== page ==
Steve Stigler writes:

I saw a piece on your blog about putting. It suggests to me that you do not play golf, or you would not think this was a model. Length is much more important than you indicate. I attach an old piece by a friend that is indeed the work of a golfer!

The linked article is called “How to lower your putting score without improving,” and it’s by B. Hoadley and published in 1994. Hoadley’s recommendation is “to target a distance beyond the hole given by the formula: [Two feet]*[Probability of sinking the putt].” Sounds reasonable. And his model has lots of geometry, for example:

Anyway, what I responded to Steve was that the simple model fits just about perfectly up to 20 feet! But for longer putts, it definitely helps to include distance, as was noted by Mark Broadie in the material he sent me.

The other thing is that there’s a difference between prediction and improvement (or, as we would say in statistics jargon, a difference between prediction and causal inference).

I was able to fit a simple one-parameter model that accurately predicted success rates while not including any consideration of the difficulty of hitting the ball the right length (not too soft and not too hard). At least for short distances, up to 20 feet, my model worked, I assume because it the took the uncertainty in how hard the ball is hit, and interpreted it as uncertainty in the angle of the ball. For larger distances, these two errors don’t trade off some cleanly, hence the need for another parameter in the model.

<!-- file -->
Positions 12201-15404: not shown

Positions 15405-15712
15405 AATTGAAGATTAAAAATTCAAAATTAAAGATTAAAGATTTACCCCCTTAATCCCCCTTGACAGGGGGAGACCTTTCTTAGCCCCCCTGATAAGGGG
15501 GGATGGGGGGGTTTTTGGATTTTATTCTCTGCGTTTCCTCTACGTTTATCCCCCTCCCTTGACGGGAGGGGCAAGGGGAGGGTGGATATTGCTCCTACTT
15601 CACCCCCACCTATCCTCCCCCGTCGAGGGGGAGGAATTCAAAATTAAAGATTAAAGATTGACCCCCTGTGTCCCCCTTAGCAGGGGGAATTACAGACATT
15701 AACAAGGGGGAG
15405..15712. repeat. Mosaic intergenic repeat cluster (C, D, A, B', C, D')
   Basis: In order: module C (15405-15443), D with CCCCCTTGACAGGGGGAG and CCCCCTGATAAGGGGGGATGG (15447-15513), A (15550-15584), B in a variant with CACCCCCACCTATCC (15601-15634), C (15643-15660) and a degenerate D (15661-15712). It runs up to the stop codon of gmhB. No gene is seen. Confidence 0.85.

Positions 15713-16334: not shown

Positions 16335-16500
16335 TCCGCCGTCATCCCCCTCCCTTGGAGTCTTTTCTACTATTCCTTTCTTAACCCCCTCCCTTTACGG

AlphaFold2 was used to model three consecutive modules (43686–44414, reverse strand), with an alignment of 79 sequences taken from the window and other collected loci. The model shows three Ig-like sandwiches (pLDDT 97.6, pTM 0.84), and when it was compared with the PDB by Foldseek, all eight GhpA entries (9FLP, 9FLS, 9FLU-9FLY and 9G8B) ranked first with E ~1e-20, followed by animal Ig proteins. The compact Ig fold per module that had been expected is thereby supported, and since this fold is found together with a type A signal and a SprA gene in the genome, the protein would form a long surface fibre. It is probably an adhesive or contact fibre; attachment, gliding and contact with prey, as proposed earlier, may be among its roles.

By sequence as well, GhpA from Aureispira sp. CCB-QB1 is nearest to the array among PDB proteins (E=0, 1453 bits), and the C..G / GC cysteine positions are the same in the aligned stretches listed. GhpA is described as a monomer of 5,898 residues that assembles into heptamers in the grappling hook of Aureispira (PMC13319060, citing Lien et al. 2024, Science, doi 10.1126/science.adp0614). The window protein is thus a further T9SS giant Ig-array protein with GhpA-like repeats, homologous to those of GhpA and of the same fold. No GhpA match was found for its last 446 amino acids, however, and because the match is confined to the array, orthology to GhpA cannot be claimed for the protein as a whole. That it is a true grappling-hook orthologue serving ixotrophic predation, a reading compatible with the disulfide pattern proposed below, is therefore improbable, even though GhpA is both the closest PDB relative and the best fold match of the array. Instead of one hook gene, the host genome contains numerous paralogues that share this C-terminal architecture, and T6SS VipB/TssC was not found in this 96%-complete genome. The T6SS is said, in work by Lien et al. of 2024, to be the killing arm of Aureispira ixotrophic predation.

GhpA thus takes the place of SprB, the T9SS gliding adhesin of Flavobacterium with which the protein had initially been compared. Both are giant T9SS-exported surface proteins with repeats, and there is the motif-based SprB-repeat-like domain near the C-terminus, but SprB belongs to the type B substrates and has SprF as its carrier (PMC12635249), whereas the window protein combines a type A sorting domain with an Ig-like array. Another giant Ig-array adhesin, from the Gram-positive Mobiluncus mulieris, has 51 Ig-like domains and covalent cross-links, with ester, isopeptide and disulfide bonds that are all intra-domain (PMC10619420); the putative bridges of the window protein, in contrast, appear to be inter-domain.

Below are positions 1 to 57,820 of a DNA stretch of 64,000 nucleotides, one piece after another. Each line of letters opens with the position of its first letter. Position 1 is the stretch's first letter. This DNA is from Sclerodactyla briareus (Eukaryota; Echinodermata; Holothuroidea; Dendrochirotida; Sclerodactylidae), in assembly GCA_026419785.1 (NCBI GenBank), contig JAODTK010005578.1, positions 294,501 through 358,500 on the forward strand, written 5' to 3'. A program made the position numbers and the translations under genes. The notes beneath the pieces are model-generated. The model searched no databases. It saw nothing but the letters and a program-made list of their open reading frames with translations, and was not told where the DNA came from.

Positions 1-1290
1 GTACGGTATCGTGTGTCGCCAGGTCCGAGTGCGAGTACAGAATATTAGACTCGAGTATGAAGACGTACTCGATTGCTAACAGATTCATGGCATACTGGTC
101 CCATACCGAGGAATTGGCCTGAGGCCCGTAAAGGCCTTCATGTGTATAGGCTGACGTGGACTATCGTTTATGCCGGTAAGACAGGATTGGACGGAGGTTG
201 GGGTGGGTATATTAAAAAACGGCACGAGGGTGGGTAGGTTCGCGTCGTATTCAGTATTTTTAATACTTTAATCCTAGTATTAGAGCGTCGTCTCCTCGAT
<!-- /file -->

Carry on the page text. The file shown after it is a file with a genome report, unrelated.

But even for these short putts, my model can be improved if the goal is not just to predict success rates, but to figure out how to put better—that is, to predict success rates if you hit the ball differently.

It’s an interesting example of the difference between in-sample and out-of-sample prediction (and, from a statistical standpoint, causal inference is just a special case of out-of-sample prediction), similar to the familiar problem of regression with collinear or near-collinear predictors, where a wide range of possible parameter vectors will fit the data well (that’s what it means to have a ridge in the likelihood), but if you want to apply the model to predict for new data off that region of near-collinearity it will be necessary to bite the bullet and think harder about what those predictors really mean.